In addition, transportation services are increasingly popular in the UK. In response to growing industry pressure, regulations have been introduced that impose extra requirements on private hire vehicles (PHVs) that operate in London specifically, including a requirement for all drivers of PHVs to pass an English language test and for PHV operators to notify Transport for London of any material changes made to their operating model (which would include any changes made to an app that facilitates the use of services offered by the PHV operator). In response to the growth in ride sharing, Transport for London has also published a new policy statement that sets out principles to ensure the private hire market remains safe and inform future regulations.
The GDPR introduces a range of new obligations that will apply to any data collected from vehicles that can be linked to an identifiable living person. When designing vehicles, automotive manufacturers will have to abide by the principle of ‘privacy by design and by default’, which requires that privacy issues be addressed throughout the design process.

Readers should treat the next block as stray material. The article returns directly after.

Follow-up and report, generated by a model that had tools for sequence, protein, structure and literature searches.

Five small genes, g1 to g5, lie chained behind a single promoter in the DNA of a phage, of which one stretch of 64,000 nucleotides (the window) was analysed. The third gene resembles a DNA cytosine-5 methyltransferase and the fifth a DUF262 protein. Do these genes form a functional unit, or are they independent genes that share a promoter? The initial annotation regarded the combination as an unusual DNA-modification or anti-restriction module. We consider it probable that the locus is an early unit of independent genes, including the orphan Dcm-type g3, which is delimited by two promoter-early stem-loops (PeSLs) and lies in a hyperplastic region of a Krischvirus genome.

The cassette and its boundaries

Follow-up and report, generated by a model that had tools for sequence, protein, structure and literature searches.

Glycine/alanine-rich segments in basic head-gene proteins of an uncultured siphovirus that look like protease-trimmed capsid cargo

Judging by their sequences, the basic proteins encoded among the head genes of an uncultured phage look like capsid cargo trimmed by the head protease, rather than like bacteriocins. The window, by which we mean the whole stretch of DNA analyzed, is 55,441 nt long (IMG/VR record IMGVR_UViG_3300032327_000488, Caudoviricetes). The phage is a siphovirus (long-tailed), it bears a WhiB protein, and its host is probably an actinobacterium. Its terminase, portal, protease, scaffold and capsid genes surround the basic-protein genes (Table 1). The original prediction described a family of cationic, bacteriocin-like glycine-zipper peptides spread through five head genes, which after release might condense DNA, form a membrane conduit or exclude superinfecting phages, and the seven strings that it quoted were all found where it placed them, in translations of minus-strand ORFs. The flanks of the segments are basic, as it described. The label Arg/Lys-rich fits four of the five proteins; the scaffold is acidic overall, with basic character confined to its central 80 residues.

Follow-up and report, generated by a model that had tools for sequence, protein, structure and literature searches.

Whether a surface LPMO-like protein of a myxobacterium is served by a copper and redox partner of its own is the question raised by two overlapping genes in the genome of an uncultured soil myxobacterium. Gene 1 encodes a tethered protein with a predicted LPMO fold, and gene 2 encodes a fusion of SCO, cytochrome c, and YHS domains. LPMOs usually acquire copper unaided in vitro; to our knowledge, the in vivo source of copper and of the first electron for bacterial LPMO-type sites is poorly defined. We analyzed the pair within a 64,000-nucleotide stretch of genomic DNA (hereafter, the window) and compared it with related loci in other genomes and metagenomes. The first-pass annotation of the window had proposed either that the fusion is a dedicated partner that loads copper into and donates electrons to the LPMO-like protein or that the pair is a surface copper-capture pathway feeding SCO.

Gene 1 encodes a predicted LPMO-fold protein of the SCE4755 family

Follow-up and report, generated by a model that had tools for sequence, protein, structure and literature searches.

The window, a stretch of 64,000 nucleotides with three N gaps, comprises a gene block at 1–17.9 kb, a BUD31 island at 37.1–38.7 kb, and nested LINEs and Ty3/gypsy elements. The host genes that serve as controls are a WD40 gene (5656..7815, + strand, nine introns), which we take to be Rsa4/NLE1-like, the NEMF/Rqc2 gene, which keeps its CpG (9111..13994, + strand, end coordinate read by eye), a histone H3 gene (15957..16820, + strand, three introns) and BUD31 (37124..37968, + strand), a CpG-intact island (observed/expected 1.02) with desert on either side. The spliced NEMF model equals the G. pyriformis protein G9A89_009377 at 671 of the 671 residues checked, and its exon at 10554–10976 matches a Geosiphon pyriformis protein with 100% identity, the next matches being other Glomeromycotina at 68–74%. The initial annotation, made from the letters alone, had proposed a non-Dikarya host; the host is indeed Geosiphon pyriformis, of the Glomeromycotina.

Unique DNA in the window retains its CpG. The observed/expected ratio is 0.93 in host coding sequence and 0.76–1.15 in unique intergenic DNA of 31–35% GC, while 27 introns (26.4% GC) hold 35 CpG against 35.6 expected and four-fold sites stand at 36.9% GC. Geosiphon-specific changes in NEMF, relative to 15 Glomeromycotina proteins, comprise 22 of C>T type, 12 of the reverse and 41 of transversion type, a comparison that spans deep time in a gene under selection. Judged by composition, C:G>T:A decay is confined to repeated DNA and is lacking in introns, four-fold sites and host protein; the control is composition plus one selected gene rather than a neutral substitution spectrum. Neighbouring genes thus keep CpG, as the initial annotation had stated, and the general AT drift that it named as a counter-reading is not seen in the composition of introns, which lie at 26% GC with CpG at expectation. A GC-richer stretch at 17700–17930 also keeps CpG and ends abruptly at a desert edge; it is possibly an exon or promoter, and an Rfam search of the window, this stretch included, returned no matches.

As the UK is still a member of the European Union at this point, the GDRP is directly applicable in the UK. The GDPR is also supplemented and particularised in the UK by the Data Protection Act 2017. The Data Protection Act 2017 effectively provides for the GDPR to remain in effect in the UK once the UK leaves the EU.
The current version of the new draft e-Privacy Regulation would require automotive manufacturers to obtain specific, freely given, informed and affirmative consent before collecting telematics, location or other data from vehicles, unless such collection is necessary in order to provide a service requested by the user. We do not expect the e-Privacy Regulation will pass into law until at least 2021, as it is being hotly debated.
Traditional car ownership models are starting to be challenged by the development and growing popularity of schemes that provide alternative forms of access to vehicles. Two examples are car subscription and car-sharing schemes.